Chilly Thoughts About Truckload Capacity

By Mark Montague

“Wintry mix” is a weather term that describes a condition where it might be snowing, raining, and sleeting at the same time. All you know for sure is that whatever is falling from the sky, it’s going to be cold, wet, and add at least an hour to your commute.

Freight shippers experienced their own wintry mix during the first quarter of 2014.

A combination of harsh weather and uneven consumer demand made truckload prices and over-the-road capacity hard to maintain and treacherous to predict. At the same time, manufacturing activity picked up. The Institute for Supply Management’s index hit 53.2 in February, up 1.9 points from January and ahead of market expectations. New orders, which anticipate future activity, rose 3.3 points to 54.5.

DAT Solutions saw a 14.3% increase in spot market truckloads moved per day in February compared to January, and freight availability on our load boards continued to build on January’s numbers, achieving unprecedented levels in the middle of the first quarter, typically the quietest time of the year for freight transportation.

What can we learn from the past few months? And what do these conditions mean for trucking in the near future?

Capacity Is Tighter

This winter showed how tenuous capacity can be. As shippers work through a backlog of weather-delayed cargo, spot market freight availability on DAT load boards in February climbed 7.5% compared to January. Spot freight volumes surged 83% compared to February 2013, the highest year-over-year gain for any single month in the 18-year history of the DAT North American Freight Index. Meanwhile, the number of available dry vans posted shrank 7.4% during the first week of March. Demand helped push the national average spot market van rate up 8 cents to $2.07 a mile for the week ended March 8, the biggest increase in the average rate week-over-week since last June.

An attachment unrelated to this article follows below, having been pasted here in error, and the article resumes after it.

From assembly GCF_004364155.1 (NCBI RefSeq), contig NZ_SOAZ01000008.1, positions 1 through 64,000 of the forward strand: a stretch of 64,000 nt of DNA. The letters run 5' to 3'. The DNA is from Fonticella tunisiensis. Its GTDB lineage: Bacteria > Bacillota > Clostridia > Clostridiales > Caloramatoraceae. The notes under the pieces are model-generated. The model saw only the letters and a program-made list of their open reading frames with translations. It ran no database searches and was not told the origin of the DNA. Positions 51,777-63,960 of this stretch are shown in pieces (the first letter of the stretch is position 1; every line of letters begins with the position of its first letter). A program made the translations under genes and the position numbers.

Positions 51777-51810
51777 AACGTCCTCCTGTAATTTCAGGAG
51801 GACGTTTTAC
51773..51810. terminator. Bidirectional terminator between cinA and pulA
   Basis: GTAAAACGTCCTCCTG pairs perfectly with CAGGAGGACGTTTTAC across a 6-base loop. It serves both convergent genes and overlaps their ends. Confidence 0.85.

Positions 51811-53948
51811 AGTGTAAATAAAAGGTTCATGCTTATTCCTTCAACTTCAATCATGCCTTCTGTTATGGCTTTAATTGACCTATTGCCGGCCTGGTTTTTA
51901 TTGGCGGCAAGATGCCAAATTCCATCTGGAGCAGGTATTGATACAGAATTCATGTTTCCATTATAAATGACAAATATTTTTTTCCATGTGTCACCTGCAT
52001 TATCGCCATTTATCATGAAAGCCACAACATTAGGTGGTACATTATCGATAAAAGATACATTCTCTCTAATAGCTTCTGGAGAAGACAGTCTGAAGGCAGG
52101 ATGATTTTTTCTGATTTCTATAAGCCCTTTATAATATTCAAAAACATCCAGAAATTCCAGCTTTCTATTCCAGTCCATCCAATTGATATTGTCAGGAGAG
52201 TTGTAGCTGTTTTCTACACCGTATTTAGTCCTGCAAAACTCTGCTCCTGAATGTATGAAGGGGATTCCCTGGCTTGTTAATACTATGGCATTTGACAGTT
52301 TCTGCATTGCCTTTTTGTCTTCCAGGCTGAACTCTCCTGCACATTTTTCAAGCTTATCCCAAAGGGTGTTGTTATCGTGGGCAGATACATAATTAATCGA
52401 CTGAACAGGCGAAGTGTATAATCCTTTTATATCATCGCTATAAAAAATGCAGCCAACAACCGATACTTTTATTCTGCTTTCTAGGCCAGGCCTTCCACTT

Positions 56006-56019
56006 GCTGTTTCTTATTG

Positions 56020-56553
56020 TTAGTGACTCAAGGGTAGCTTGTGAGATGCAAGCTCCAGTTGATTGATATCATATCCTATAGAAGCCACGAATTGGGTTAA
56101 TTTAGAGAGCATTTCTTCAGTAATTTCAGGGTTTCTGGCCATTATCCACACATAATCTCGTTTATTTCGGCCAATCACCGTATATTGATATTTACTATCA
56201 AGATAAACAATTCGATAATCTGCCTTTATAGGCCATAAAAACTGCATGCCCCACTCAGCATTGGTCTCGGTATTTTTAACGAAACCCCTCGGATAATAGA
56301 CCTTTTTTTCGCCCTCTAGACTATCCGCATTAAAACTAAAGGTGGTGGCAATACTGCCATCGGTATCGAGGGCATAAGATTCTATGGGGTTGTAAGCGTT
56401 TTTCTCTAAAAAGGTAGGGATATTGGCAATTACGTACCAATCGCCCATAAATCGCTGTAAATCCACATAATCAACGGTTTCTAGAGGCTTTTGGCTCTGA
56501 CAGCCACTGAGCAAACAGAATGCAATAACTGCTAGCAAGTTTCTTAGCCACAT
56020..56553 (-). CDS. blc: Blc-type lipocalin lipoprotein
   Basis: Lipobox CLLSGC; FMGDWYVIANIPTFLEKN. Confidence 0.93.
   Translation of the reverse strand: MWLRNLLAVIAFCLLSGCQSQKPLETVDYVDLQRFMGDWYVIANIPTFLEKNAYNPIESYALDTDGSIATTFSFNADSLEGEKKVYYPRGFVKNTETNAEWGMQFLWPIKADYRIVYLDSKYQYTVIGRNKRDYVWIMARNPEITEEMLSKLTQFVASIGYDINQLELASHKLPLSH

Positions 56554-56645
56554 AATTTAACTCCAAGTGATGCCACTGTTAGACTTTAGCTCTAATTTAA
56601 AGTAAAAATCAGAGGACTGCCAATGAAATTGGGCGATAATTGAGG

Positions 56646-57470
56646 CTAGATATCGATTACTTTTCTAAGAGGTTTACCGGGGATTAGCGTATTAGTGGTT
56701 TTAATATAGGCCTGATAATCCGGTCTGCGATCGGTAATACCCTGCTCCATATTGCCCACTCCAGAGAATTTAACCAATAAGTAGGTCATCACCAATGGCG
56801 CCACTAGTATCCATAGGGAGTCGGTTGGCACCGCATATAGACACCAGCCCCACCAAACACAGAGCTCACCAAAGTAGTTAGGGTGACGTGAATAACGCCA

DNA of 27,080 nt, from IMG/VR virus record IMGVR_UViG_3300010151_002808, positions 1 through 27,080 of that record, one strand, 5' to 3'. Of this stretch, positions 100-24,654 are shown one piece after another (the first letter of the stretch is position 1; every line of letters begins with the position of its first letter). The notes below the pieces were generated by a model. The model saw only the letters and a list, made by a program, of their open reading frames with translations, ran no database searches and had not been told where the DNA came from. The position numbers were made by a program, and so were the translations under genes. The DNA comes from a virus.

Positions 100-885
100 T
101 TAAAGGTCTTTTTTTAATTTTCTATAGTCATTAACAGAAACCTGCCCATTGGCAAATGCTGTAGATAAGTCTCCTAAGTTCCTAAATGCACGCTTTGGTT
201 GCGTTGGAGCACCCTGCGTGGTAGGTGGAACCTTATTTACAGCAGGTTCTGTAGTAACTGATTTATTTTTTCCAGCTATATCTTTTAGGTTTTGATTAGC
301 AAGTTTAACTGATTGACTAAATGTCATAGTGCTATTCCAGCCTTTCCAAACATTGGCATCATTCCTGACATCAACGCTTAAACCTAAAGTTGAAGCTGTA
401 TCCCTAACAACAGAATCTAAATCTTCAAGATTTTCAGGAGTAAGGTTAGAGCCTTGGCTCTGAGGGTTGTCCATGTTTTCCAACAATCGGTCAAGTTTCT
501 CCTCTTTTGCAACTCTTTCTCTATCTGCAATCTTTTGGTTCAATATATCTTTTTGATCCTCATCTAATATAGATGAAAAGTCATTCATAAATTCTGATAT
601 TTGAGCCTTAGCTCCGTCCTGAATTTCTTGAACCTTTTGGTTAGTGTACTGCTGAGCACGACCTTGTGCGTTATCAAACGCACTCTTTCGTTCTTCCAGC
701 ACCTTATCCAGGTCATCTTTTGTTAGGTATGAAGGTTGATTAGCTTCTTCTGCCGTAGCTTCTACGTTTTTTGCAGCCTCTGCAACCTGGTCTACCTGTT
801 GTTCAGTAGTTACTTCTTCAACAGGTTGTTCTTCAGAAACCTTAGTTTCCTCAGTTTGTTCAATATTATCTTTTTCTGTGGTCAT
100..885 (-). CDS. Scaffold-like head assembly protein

Intermodal Options

Harsh weather and constrained capacity may have accelerated shippers’ growing demand for rail intermodal services.

For the week ending March 8, U.S. railroads reported moving 274,480 carloads, down 1%, and 244,015 intermodal units, up 3.7%, compared with volumes from the same week last year, according to the Association of American Railroads. In February, intermodal volume grew for the 51st consecutive month, up 1.1% compared to February 2013.

Freight brokers and 3PLs are increasingly being asked by shippers to quote rail intermodal transportation, sometimes at the exclusion of truckload. Trucking companies have struggled with recruiting drivers for jobs that involved extended travel away from home. It’s a big factor behind the shift of long-haul freight from truck to rail. This creates more short-haul business for drayage companies, which have been able to expand and thrive.

That said, it’s evident that the largest truckload carriers are already involved in intermodal in a big way. Just visit an intermodal yard and note the familiar names on the sides of those 53-foot containers, double-stacked on flat cars: Swift, Schneider, and J.B. Hunt, as well as units from refrigerated carriers Marten Transport and Stevens Transport.

Looking Ahead

According to the latest monthly Global Port Tracker report released by the National Retail Federation and Hackett Associates, import volume at the nation’s major container ports was projected to increase 12.4% in March as retailers begin to stock up for the spring and summer seasons.

The big question is where will the capacity come from to move these goods. The largest carriers aren’t adding power units, just replacing older equipment. Small over-the-road fleets are mixing in longer-distance drayage operations, or focusing strategically on lanes and cargo types that don't lend themselves readily to intermodal. In intermodal-competitive lanes with commoditized cargo, however, all-truckload fleets are an endangered species needing to cut costs to the bone in order to remain profitable.

As we move deeper into spring, the weather is far less likely to put the kind of kinks in the supply chain that drive up demand and rates. But the challenges of tight capacity will remain.

Mark Montague is the industry freight analyst for DAT Solutions, which operates the DAT® Network of load boards. He has more than 30 years of experience analyzing rates and routing in the commercial transportation industry. He is based in Portland, Ore. For information, visit www.dat.com.